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Substance-abuse issues driven by pandemic

By John Seelmeyer
Published: Last Updated on
Cocktails to-go from Land Ocean. Image: Nora Tarte

The number of people seeking treatment for alcohol and drug issues in the Reno-Sparks area is rising dramatically, and remote-work arrangements appear to be among the driving factors.

Substance-abuse caseloads at Reno Behavioral Healthcare Hospital, a freestanding 124-bed facility in south Reno, were up by 30% during 2020 compared with the previous year.

The increase is a direct result of the pandemic, says Rebekah Verdugo, a licensed social worker and licensed alcohol and drug counselor who’s the hospital’s director of clinical services.

The pandemic limited or shut down many of the support systems used by people in recovery from alcohol and drug issues. Support-group meetings and therapy sessions, for instance, were cancelled or moved online.

The companionship of a workplace often provides additional support, and the move to remote work created difficulties for many in recovery.

Recovering patients — or even social drinkers who faced new stresses in their lives — turned to substance use before or during work hours as well as the traditional post-work cocktail hours, Verdugo says.

“Addiction flourishes in isolation,” she says. “In addiction therapy we never want patients to do it alone. So, when they are forced to isolate, that whole premise of recovery is thrown out.”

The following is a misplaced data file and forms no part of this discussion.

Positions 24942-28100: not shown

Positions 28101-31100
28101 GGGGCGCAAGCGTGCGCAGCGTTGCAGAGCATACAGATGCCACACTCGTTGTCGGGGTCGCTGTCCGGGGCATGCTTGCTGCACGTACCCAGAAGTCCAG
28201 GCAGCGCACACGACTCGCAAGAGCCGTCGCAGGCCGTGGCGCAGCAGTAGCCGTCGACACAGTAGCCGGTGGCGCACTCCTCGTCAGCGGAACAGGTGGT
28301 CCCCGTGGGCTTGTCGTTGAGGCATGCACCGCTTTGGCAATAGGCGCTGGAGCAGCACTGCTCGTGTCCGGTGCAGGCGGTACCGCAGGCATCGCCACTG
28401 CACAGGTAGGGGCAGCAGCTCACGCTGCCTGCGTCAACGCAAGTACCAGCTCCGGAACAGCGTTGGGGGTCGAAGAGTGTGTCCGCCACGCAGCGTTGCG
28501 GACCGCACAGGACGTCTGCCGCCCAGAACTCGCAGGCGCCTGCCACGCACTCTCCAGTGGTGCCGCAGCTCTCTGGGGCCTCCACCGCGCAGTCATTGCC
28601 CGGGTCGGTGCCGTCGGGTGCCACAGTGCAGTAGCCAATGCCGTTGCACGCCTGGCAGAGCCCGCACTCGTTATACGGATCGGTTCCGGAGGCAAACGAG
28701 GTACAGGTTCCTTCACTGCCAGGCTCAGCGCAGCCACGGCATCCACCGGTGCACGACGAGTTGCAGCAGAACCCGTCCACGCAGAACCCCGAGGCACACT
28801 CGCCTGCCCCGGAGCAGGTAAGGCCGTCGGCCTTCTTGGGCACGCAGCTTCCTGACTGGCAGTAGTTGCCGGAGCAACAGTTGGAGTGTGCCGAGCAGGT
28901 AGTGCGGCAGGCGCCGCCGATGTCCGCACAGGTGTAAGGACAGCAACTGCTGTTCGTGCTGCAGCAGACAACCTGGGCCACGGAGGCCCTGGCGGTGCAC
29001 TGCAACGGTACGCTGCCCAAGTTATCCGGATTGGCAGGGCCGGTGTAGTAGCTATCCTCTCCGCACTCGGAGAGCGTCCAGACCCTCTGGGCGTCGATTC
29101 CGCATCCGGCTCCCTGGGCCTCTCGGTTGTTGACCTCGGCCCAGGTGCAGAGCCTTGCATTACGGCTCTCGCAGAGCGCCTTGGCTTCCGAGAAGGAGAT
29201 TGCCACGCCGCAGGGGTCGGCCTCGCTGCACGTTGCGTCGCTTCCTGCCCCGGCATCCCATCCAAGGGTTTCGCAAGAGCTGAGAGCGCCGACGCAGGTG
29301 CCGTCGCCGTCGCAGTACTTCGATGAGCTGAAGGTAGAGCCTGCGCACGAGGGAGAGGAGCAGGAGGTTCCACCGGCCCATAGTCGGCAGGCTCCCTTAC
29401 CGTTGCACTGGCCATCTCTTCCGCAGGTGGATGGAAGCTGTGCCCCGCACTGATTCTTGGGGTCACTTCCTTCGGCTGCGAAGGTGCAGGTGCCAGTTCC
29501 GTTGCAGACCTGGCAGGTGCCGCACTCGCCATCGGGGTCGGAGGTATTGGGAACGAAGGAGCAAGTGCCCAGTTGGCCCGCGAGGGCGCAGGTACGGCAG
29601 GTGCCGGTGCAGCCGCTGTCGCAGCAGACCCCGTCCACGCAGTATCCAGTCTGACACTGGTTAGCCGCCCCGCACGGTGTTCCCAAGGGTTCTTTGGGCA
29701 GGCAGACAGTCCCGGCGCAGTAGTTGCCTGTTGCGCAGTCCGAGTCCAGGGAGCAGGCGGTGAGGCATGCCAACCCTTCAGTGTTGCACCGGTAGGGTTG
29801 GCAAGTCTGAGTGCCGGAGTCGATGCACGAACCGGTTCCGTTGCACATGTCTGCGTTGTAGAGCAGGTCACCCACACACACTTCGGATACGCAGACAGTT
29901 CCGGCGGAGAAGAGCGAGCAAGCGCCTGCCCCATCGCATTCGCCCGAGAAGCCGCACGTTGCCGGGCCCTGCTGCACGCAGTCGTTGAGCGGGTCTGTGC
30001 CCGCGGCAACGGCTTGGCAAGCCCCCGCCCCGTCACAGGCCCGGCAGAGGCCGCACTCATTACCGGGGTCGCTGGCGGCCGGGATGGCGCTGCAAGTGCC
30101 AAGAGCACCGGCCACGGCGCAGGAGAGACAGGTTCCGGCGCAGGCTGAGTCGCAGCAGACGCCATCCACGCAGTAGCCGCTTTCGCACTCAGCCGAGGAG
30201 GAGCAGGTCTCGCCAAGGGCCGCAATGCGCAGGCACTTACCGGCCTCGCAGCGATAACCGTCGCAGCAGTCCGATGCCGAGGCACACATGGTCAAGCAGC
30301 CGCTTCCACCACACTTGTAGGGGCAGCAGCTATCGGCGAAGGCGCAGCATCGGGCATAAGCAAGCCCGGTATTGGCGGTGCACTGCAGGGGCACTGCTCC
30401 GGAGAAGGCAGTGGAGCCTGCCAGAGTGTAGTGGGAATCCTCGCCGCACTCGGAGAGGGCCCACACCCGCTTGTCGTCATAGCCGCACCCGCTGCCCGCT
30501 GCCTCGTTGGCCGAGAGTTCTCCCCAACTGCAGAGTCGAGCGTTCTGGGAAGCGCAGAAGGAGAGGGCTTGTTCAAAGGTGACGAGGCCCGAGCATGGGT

Without the support systems they needed, many people in recovery relapsed and sought admission to facilities such as Reno Behavioral Healthcare.

At the same time, Verdugo says pandemic-related isolation appears to have caused many social drinkers to increase their alcohol use as the pandemic and its restrictions brought waves of depression, anger and fear.

“Many of them reported they began drinking to cope with these emotions, and not having any of their regular activities open to them caused them to drink more,” Verdugo says.

But substance use didn’t provide a long-term solution.

“Many of these patients came to our facility when their substance use was no longer working and had begun to cause other problems in their lives,” says Verdugo.

Reno Behavioral Healthcare, which is owned by Signature Healthcare Services LLC of Corona, California, opened its facility near the Target store on Sierra Center Parkway in 2018.

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